I was just sitting at home thinking about stuff… like laptops, and desktops, and iPhones, and Watches and iPads and well all of it really and thinking about how we view the ROI/value proposition when we start the process of considering a purchase.
We all love our Apple gear, and we accept that such quality demands a good price and we tend to accept that. I paid over £1000 for my MacBook Pro i7 - but years of experience with Macs have taught me that a good Mac will last me a good number of years (maybe 5 or so) - and it can then be handed down and give a few more good years service. Every time I have “cheaped out” and bought a “value” laptop in the £300-£400 range it has ended up dead, broken or otherwise “poorly” inside 2-3 years and it was always a let down. Overall I don’t think we have a problem expecting a Mac to last us many years, certainly longer than any likely finance deal we might take out in order to purchase it… and we also know that the Mac will still have a reasonable resale value when we come to move on to a newer model (not everyone out there feels they have to be on the “bleeding edge”).
In my household our first, and until very recently only, iPad was the basic iPad 2 and it cost about £400 and it is still going strong. Recently my wife bought herself an iPad Mini 2 for £250 (because she was sick of trying to track down the iPad and pry it out of the kids hands) and if that has a similar working lifespan then that will also be a damned good return in my opinion.
And then there are the iPhones… I admit to paying £450 for my first iPhone - because that was the only way to get one and I always hated every other mobile phone I had ever owned. After that they cost me less and less up front as the carriers either subsidised the purchase to attract/retain customers or just worked them into the cost of the contract. I am now on the 6 having had the iPhone, the 3G, the 4 and the 5… and I consider what I pay to be reasonable for what I receive in return.
The thing with a phone is we tend to accept that although there will be nothing wrong with it we will trade it or otherwise replace it in about 2 years... because (here in the UK at least) the true cost of the phone is masked in the service charges. I am pleased to note that of late however some providers are now stating in their literature exactly what they are charging per month for the phone, and what they are charging for service. Even so we tend to think of it as buying a service... and a regular replacement phone is a part of that service for a large percentage of us. So we accept that in reality the phone is not a cheap item, but we don’t fund it in the same way and we don’t think about it in the same way. Of course the fact that a 2 year old iPhone is still a perfectly resalable item or makes a great “hand me down” for someone is just a bonus for many of us.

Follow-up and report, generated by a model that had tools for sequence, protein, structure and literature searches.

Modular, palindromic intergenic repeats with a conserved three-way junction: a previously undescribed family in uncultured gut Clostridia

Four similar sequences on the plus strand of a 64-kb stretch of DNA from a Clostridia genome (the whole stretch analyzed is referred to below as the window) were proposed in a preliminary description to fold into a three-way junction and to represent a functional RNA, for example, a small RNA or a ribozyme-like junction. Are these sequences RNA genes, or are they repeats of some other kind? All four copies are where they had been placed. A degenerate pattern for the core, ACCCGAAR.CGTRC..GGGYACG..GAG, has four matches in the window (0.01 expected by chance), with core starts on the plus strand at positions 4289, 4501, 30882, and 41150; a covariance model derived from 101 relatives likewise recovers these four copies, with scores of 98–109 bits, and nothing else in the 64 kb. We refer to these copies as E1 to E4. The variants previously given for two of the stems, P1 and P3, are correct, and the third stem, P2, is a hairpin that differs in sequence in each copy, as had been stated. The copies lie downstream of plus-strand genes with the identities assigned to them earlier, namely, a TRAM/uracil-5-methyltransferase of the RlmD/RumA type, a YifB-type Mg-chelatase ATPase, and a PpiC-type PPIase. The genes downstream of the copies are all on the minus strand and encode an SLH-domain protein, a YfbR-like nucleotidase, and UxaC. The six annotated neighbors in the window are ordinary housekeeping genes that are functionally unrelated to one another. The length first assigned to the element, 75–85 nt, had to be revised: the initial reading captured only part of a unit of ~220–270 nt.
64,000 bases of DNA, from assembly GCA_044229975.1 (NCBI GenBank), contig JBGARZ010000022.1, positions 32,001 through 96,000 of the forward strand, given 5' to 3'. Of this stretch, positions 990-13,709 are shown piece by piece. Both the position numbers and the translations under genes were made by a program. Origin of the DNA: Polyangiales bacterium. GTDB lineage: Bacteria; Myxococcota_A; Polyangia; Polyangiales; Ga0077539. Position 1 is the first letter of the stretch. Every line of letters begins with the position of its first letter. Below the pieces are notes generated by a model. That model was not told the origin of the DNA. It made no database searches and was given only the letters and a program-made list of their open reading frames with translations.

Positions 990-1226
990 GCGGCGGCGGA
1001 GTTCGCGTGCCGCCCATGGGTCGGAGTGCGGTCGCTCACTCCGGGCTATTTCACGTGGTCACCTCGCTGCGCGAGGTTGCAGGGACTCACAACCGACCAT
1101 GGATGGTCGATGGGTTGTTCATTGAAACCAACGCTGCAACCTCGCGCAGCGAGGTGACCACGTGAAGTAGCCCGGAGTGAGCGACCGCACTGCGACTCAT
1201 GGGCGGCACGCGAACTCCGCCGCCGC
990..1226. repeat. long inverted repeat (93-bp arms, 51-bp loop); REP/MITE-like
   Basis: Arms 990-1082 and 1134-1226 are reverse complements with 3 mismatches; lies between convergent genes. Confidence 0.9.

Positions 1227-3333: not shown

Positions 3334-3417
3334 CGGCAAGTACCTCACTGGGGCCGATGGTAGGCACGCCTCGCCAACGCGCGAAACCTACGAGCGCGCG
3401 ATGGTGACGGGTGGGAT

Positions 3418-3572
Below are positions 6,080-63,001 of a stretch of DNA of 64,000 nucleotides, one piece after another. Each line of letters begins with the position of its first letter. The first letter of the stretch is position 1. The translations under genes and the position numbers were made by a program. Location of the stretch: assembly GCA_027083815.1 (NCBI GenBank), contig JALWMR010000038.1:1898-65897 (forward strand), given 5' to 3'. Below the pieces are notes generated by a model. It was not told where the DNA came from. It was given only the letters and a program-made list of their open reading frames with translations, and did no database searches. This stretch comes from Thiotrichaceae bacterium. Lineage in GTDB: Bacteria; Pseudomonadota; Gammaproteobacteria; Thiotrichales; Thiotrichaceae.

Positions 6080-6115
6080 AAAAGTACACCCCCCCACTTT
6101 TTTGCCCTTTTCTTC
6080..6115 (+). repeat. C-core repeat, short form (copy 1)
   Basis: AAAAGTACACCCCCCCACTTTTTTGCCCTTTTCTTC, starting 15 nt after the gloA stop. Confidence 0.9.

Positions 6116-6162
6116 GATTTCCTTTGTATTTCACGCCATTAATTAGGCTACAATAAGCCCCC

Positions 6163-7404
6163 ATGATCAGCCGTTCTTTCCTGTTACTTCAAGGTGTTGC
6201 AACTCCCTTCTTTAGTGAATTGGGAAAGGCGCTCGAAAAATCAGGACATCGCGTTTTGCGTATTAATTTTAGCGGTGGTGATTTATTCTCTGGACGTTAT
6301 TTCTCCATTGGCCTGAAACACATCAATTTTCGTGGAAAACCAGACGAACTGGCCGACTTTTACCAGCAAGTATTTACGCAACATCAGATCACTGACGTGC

And now we have the Watch… and it isn’t a cheap gadget. I like the idea and I would dearly love one. But my experience of NOT buying the original iPad tells me I should hold out for v2. Besides that I can’t afford or justify the cost right now; no matter how much I would like one.
With a gadget costing that sort of money I would be wanting it to give me at least an iPad type of lifespan. Perhaps 5 good years of use, a watch isn’t a phone and at the moment I for one would not be happy with something that cost £300-£500 every couple of years.
But here is a thing - you need an iPhone to use the Watch and after a while people may start to think of the iPhone and the Watch as a tied pair. When that happens how do you drive “mass adoption” amongst those that can’t or won’t pay out £350 and up for a “watch”. Unless its getting subsidised somehow... Can we see carriers offering contracts on an iPhone and an Apple Watch as a paired deal? Would you pay maybe 50%-100% more on your phone contract to get an Watch chucked in on the deal? Do you think I am crazy? Or do you think, perhaps in a year or so, carriers will be offering deals on an iPhone with an Watch as an enticement? Or an Watch as an optional extra on the contract?